Predictors of life satisfaction in a large nationally representative Japanese sample

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Social Science Research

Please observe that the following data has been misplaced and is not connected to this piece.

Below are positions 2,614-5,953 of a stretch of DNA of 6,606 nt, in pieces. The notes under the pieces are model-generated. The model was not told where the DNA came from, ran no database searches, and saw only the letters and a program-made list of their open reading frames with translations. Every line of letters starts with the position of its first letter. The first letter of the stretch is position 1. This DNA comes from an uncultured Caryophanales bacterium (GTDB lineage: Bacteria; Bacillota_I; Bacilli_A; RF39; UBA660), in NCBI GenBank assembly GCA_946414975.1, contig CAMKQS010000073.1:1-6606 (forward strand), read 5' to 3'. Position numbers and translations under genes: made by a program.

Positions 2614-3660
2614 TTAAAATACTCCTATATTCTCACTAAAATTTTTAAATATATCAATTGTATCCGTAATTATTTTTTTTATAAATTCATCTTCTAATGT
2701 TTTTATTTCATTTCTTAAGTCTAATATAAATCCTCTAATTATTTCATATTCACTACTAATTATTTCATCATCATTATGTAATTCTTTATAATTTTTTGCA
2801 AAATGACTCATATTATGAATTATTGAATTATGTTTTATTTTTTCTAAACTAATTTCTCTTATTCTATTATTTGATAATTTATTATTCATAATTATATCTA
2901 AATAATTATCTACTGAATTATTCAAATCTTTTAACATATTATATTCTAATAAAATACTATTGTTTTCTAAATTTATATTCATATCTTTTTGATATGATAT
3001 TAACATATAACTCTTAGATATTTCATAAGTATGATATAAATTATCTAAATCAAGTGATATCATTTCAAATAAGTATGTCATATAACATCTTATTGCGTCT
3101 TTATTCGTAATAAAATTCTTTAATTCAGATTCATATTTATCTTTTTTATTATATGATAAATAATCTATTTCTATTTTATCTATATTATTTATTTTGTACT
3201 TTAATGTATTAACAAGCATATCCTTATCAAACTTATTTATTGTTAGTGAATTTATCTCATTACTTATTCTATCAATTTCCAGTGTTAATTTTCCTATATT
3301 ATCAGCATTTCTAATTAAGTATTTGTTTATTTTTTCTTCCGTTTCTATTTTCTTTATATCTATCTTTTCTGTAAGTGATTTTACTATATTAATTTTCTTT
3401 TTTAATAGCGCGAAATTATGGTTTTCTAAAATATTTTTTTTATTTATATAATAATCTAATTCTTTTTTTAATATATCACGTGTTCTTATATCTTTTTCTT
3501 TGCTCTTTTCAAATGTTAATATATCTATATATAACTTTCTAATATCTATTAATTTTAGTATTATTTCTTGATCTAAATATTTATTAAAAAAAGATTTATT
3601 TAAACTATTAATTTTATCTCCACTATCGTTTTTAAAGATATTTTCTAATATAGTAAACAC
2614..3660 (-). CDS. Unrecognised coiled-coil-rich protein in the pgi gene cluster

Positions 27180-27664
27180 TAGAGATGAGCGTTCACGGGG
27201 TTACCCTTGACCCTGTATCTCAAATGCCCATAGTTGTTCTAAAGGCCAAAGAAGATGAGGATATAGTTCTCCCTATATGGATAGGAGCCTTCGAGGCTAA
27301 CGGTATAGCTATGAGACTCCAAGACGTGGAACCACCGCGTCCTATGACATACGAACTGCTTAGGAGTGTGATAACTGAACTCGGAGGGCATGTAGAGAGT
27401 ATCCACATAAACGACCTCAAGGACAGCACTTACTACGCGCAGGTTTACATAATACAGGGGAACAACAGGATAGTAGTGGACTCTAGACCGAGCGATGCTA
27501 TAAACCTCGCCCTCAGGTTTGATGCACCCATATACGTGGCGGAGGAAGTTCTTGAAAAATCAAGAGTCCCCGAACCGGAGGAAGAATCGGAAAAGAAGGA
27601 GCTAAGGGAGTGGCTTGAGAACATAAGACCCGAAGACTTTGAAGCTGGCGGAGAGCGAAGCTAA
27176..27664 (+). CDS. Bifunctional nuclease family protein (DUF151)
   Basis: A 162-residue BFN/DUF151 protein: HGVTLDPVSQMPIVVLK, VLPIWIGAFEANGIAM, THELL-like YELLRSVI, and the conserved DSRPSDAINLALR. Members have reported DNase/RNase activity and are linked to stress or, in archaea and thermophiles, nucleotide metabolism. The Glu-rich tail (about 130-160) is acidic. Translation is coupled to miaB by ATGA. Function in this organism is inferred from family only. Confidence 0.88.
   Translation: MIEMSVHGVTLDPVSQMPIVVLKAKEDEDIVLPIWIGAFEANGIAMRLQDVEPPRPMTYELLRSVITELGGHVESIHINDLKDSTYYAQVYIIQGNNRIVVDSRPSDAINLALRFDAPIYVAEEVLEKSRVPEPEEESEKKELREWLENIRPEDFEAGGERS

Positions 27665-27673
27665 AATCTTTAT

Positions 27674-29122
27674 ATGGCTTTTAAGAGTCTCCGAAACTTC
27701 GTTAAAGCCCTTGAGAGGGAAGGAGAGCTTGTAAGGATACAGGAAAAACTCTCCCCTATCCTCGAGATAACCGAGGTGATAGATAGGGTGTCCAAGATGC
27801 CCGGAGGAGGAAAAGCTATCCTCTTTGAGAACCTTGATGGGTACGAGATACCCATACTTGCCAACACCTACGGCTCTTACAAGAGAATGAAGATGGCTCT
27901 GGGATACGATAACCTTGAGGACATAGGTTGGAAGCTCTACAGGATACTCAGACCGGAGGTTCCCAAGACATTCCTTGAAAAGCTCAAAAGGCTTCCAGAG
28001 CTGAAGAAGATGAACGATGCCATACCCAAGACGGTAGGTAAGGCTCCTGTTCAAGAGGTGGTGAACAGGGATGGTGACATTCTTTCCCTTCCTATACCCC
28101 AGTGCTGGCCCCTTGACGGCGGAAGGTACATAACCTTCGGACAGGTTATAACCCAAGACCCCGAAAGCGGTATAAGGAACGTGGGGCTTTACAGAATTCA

© 2019 Elsevier Inc. Life satisfaction (LS), as a major indicator of subjective well-being, is a rapidly growing concern all over the world. Despite their country's powerful economic status, Japanese people experience relatively low levels of LS. This paper investigates demographic, social and psychological variables associated with Japanese people's life evaluation, and identifies important factors in each age and gender group. Using a representative annual survey of Japanese respondents, we find that material well-being (household income satisfaction, satisfaction with standards of living) is most strongly associated with LS. Other factors such as marital status, affective experience, and education, are also significant predictors. The data show that LS decreases over the life course and that individuals in late adulthood are the least satisfied with their lives. Furthermore, there is evidence that a gender gap exists for levels of LS at each stage of life. We identify important factors associated with LS across gender and age groups and, overall, our intensive analysis of a wide range of potential factors provides a comprehensive model of life evaluation in Japan. We conclude with the argument that follow-up studies will benefit from a consideration of key social issues in the context of Japanese society such as relative wealth, ageing, and gender inequality.

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